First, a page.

Hundreds of Saudi women began campaigning for public office on Sunday, in a first for women in the conservative kingdom’s slow reform process – even as two activists were disqualified. More than 900 women are standing alongside thousands of men in the 12 December municipal ballot, which will also mark the first time that women inSaudi Arabia are allowed to vote. “I’ve been eliminated as a candidate for the municipal elections,” Loujain Hathloul said in a message on Twitter. “I will be filing my objection via the appropriate channels.” Saudi authorities detained Hathloul for more than two months after she tried to drive into the kingdom last December from the United Arab Emirates, in defiance of a Saudi ban on women driving. She could not immediately be reached but earlier told Agence France-Presse that she wanted to run “to increase the percentage of women’s participation”.Full Article: Two disqualified as first Saudi women begin campaign for election | The Guardian.
At least 120 female candidates out of a total 1,019 running for Saudi Arabian municipal council elections have withdrawn their candidatures, according to the spokesman for the National Committee for Municipal Elections Jidai al-Qahtani who was quoted on Tuesday in Arabic daily al-Hayat. He said the total number of candidates stood at 7,380, but a total of 384 candidates have withdrawn. Fifty of the candidates who withdrew were from Riyadh. The last day for withdrawal in Riyadh was on Thursday 19 Nov. All remaining candidates are required to go through the fourth phase and campaign for their election.Full Article: Saudi municipal elections sees withdrawal of 120 women candidates - Al Arabiya News.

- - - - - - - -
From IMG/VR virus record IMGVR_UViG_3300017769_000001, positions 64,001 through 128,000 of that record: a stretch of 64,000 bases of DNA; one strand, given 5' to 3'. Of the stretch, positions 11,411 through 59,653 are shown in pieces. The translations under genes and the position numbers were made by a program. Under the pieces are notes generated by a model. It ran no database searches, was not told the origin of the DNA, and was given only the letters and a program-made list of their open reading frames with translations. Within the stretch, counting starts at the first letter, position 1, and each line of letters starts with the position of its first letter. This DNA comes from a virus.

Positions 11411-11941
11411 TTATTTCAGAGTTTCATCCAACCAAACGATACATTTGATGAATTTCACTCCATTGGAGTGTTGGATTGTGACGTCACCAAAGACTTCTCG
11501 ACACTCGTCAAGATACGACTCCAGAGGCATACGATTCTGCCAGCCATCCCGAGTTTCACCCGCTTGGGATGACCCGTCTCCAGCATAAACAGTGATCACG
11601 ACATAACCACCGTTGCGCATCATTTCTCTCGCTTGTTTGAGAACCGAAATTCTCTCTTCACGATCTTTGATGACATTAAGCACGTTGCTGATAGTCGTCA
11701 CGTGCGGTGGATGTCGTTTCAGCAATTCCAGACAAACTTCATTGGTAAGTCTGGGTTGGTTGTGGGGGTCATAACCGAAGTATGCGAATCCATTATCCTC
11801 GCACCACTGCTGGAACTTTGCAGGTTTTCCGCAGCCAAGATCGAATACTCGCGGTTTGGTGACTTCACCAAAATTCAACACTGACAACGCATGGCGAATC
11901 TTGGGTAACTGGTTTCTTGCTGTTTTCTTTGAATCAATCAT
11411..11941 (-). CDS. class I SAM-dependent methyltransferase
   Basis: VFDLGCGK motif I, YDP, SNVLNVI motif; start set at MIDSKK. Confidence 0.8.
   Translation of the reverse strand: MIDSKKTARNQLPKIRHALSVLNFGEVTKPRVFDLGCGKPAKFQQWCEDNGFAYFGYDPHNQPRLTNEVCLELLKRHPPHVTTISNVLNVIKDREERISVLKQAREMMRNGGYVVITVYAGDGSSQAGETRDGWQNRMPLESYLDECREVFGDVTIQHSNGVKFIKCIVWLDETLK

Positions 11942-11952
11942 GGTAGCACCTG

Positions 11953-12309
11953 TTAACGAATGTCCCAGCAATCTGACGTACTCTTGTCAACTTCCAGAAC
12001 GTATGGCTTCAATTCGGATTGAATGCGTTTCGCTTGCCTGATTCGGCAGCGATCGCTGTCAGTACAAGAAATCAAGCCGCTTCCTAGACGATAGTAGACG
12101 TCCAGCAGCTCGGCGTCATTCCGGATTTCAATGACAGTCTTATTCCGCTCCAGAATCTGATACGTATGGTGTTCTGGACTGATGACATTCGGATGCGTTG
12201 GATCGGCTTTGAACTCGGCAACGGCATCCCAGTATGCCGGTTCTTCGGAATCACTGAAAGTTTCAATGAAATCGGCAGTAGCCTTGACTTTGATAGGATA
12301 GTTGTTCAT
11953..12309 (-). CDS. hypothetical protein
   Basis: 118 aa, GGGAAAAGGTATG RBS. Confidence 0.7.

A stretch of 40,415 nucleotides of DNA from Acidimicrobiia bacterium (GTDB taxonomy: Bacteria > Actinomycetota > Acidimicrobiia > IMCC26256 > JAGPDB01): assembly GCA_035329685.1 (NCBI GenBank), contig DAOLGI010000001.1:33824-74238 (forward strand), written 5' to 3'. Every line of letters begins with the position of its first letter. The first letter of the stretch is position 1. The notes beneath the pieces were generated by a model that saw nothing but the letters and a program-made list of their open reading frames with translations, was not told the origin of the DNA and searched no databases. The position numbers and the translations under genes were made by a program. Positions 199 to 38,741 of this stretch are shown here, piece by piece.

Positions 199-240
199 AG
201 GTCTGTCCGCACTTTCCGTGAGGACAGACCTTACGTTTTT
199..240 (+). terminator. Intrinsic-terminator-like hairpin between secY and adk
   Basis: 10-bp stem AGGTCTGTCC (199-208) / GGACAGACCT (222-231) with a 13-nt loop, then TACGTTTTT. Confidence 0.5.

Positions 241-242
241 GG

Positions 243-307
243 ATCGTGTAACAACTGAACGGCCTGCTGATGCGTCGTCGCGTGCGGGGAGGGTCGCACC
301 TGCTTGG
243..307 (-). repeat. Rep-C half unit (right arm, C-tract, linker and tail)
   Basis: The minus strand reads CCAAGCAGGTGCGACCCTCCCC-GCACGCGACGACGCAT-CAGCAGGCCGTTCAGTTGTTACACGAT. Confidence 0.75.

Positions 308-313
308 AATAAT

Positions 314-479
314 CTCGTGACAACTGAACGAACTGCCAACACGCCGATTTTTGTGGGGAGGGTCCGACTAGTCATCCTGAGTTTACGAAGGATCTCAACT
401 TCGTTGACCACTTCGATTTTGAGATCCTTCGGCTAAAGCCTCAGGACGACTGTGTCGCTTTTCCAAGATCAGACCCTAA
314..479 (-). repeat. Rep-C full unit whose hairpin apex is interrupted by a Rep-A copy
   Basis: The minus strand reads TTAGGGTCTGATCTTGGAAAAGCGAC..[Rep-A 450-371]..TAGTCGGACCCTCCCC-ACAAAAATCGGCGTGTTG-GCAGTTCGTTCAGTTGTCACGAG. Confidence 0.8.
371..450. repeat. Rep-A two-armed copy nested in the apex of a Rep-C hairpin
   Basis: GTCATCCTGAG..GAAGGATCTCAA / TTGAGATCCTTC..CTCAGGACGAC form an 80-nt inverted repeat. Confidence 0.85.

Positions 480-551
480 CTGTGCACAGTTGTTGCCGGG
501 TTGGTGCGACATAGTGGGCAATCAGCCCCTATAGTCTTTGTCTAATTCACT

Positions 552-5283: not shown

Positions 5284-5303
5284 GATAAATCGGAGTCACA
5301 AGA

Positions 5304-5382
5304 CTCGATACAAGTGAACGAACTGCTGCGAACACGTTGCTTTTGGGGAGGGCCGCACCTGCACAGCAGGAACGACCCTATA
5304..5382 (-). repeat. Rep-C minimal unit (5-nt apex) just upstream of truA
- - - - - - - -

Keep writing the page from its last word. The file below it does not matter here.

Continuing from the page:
When voter registration opened in August, few of Rana’s friends noticed, and the 25-year-old recent college graduate drew curious looks when she brought it up. None of them were planning to participate in Saudi Arabia’s Dec. 12 municipal elections — the first vote in which women will be allowed to stand as voters and candidates. “My friends know about the election, but they are not excited about it,” she recalled on an October afternoon from her office in a Jeddah PR company. “They didn’t register [to vote].” Rana had felt differently. Sure, it was a small step, and maybe little would come of it. But she was insistent. “We need women to get into this process,” she told her friends and family — and herself. “Women can do things for society.” But in Rana’s case, those things don’t include registering to vote. Rana ticked off the many obstacles she encountered. The window for registration was too brief, the documentation required too onerous, and her legal guardian — which all Saudi women require for even the most basic bureaucratic chores — wasn’t around to arrange her paperwork. And her family, inclined to think of politics as a man’s domain, discouraged her efforts.
Voting rights for Saudi women took another step forward this week. Female candidates began registering to run in upcoming municipal elections — and for the first time, women will be able to vote for them. Voter registration began in mid-August and goes through mid-September. Sunday marked the start of candidate registration for the Dec. 12 municipal elections. The developments came ahead of King Salman’s visit to the White House on Friday, when he and President Barack Obama are expected to discuss counterterrorism efforts, the conflicts in Yemen and Syria, and the Iran nuclear agreement.Full Article: In Saudi Arabia, women can now cast a vote and run for office.
Wednesday marks the 95th anniversary of women’s suffrage in the United States. At the same time, one of the last countries to deny women the vote is preparing to open its polls: this December, women will vote in Saudi Arabia for the first time. This achievement, like the ones that came before it, wasn’t handed to Saudi women, who have been pressuring their government for years. Around the world, women have only won suffrage because they’ve demanded it. “There’s no other movement for women’s rights that’s as international as votes for women,” says Ellen DuBois, distinguished professor of history and gender studies at the University of California, Los Angeles. A century ago, American women were deep into their own chapter of the movement—and closing in on victory. The first international votes for women came sporadically during the 19th century. Women in Sweden and Scotland won some local voting rights, and Great Britain opened local elections—but only to unmarried women who also owned property. Then, in 1893, women in New Zealand won the full right to vote.Full Article: From the U.S. to Saudi Arabia, Women Had to Fight to Vote.